Itaú BBA - Recovery Disappoints, Real Depreciates

Brazil Review

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Recovery Disappoints, Real Depreciates

diciembre 3, 2012

The economic recovery disappointed in the third quarter, increasing the doubts about its sustainability.

The Brazilian economy in November 2012

The economic recovery disappointed in the third quarter, increasing the doubts about its sustainability. After four months of stability, the exchange rate has depreciated. The Central Bank kept the policy rate stable at the last meeting of the year. The focus will remain on whether the economic rebound proves to be sustainable.

The economic recovery disappointed in the third quarter, deepening the doubts about its sustainability

GDP grew a seasonally-adjusted 0.6% in the third quarter, versus expectations of a 1.2% increase. From the demand side, investment (-2.0%) and government spending (+0.1%) were the main surprises. Private consumption grew 0.9%. On the supply side, service activity stood flat in the quarter, while we expected a 1.0% gain. Agricultural activity rose 2.5% and industry grew 0.9%.  Our preliminary forecast for the October monthly GDP is a gain of 0.4% mom/sa, driven by stronger industrial production and retail sales. However, the first indications of vehicle sales, energy consumption and business confidence for November show a further weakening in activity. These ups and downs in economic activity are partly due to short-term stimulus measures, such as the IPI tax break, but also show that the recovery is not yet on a sustainable path.

New loans declined, but quality of credit improved

The volume of new loans to consumers fell a seasonally-adjusted 1.9% in October in real terms, implying a total drop of 7.4% since July. Delinquency rates remained stable, while expectations called for a decline. Credit conditions became less restrictive: consumer interest rates declined to 35.4% p.a. in October, from 35.8% in September. Meanwhile, the spread narrowed to 27.8% from 27.9%, while the average maturity expanded to 620 days from 616. As a share of GDP, total outstanding loans expanded 0.4 p.p., to 51.9%. From a capital control standpoint, state-owned institutions continued to increase their market share.

The real depreciated

After trading within the 2.00-2.05 range for about four months, the real started to depreciate again in early November, closing the month at 2.13 to the dollar and representing a 5.2% depreciation over the previous month. The Ibovespa gained 0.7% in local currency, but lost 3.8% in dollar terms. The five-year CDS closed at 111 bps, same level as in the previous month. Exchange-rate depreciation has been used as a tool to improve the industry’s competitiveness and boost economic growth, but a weaker real also raises inflation risk. The fact that the economic rebound remains fragile might prompt the government to seek a higher FX rate. However, given the possible deterioration impact on inflation, we do not see the FX rate rising much higher than the current levels in the short term.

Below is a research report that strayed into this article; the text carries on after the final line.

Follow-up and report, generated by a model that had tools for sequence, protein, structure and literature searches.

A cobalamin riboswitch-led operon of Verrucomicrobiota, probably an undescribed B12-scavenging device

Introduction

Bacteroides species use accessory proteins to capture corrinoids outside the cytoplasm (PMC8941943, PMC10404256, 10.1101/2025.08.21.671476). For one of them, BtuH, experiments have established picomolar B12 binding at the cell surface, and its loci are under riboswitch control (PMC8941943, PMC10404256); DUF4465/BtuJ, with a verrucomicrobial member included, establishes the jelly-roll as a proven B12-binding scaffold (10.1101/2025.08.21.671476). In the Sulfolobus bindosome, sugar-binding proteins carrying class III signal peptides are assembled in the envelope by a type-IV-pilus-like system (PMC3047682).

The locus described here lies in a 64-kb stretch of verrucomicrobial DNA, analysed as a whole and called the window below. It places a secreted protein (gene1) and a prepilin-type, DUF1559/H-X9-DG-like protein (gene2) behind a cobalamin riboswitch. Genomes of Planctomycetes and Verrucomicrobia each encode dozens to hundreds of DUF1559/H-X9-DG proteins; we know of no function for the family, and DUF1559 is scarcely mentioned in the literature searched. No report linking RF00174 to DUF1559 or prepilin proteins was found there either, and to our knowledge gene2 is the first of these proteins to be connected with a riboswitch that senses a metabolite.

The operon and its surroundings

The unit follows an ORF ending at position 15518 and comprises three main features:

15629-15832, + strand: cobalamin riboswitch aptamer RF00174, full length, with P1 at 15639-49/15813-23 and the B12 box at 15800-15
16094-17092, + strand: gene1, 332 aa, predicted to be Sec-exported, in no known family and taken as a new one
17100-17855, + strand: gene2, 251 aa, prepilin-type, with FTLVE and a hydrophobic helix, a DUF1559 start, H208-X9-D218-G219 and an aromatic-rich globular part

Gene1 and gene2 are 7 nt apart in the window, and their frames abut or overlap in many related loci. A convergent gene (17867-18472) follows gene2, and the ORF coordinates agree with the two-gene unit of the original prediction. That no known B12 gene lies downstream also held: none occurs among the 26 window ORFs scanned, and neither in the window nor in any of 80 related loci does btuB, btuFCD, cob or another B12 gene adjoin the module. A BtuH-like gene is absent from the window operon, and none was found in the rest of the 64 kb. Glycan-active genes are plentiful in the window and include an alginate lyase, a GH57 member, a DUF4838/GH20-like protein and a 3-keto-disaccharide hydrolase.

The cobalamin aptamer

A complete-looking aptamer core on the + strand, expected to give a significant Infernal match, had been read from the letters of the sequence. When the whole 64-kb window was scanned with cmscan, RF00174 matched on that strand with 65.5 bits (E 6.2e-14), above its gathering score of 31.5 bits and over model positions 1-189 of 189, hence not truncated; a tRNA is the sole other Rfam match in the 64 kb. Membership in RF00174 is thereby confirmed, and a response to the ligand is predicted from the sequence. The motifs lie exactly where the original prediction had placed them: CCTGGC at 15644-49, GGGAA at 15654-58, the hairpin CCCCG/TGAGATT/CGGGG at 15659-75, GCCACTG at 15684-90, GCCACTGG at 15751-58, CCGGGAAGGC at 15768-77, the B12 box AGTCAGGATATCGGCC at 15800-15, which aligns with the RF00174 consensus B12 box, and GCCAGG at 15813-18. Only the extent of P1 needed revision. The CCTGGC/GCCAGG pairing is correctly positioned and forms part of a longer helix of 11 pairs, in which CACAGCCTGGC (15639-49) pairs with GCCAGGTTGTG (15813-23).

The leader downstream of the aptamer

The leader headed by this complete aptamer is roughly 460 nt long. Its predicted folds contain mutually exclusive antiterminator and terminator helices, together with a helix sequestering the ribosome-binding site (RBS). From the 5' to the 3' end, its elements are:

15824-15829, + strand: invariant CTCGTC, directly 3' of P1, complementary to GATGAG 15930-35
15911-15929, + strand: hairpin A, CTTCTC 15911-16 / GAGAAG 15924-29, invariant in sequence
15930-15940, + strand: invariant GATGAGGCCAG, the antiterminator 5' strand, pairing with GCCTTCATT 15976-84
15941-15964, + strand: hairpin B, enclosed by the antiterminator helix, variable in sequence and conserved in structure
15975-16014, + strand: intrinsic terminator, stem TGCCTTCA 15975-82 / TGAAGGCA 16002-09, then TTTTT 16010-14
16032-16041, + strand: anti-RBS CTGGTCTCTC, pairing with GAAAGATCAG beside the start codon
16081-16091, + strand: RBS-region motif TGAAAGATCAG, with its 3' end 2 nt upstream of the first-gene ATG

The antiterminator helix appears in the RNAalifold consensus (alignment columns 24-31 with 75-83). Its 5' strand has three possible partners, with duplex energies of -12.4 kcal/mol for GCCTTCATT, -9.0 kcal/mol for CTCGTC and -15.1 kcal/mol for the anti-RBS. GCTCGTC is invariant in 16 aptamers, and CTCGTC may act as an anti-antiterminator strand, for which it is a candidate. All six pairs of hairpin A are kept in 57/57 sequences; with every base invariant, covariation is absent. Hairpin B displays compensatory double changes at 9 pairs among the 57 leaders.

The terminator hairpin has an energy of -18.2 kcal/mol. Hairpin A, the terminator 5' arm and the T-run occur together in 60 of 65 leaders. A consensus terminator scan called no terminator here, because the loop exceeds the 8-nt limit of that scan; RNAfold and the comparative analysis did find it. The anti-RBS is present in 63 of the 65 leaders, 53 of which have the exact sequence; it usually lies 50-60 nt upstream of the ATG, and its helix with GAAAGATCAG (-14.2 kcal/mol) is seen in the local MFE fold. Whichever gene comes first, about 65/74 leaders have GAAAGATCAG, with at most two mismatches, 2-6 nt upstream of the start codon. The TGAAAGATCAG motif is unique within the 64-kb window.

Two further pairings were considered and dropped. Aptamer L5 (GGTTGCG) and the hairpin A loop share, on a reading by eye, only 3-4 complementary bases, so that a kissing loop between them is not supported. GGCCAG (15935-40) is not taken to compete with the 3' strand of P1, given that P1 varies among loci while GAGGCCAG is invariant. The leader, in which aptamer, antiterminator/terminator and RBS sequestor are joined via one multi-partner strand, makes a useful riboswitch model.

Inflation still rising, but not for long…

November’s IPCA-15 consumer inflation preview came in at 0.54%. As expected, a surge in airline ticket prices (+11.8%) offset the decline in “food-at-home” inflation, which came in at 0.59%, from 1.98% in the October IPCA-15. A large number of holidays in November affected airline ticket prices. Yearly inflation rose to 5.64%, from 5.56% in the October IPCA-15. As food prices continue to lose steam and airline ticket prices stop rising, we expect a yearly inflation of 5.5% by the end of the year.

…and the Central Bank kept rates unchanged.

The Central Bank maintained the policy rate at 7.25%, in line with expectations. The decision statement was the same as in the previous meeting, which indicated that the monetary policy committee (Copom) should maintain the policy rate stable for a “sufficiently prolonged” period. This reveals confidence in a lower equilibrium real interest rate as well as the need to maintain economic stimulus. Given the soft recovery in activity, we believe that the Copom will maintain the Selic rate at the current level at least until the end of 2013. However, the recent disappointments in growth have increased the likelihood of additional rate cuts.

Fiscal results remain on a weakening trend…

The public sector posted a primary surplus of 12.4 billion reais (2.3% of monthly GDP) in October. Revenue continues to weaken. Over the last six months, net federal revenue decreased 1.2% relative to the previous year’s levels, reflecting the cyclical slowdown in tax collection and the impact of tax breaks to stimulate the economy. Real federal expenditures over the last six months have risen 6.0%, outpacing our estimate for potential GDP (3.7%). So far in 2012, the main contributors to the rise in public expenses are: pensions (accounting for nearly 45% of the increase), administrative costs (accounting for 30%), and public investment (18%). With capital expenditure growth largely concentrated in the Minha Casa Minha Vida home subsidy program, it seems that the increase in public spending this year is unlikely to produce any productivity gains ahead.

…while FDI remained very strong.

Foreign direct investment in the Brazilian economy reached 7.7 billion dollars in October, topping the most optimistic forecasts. The total FDI for the last twelve months is at 66 billion dollars, or 2.9% of GDP. An 89% share of the October FDI came from equity capital transactions, while only 11% came from intercompany loans. The current account deficit reached 5.4 billion dollars in the month (2.3% of GDP over the last twelve months).

What’s next?

Attention will remain focused on whether the rebound in economic activity will prove to be sustainable, and acceleration in investment spending will play a key role.

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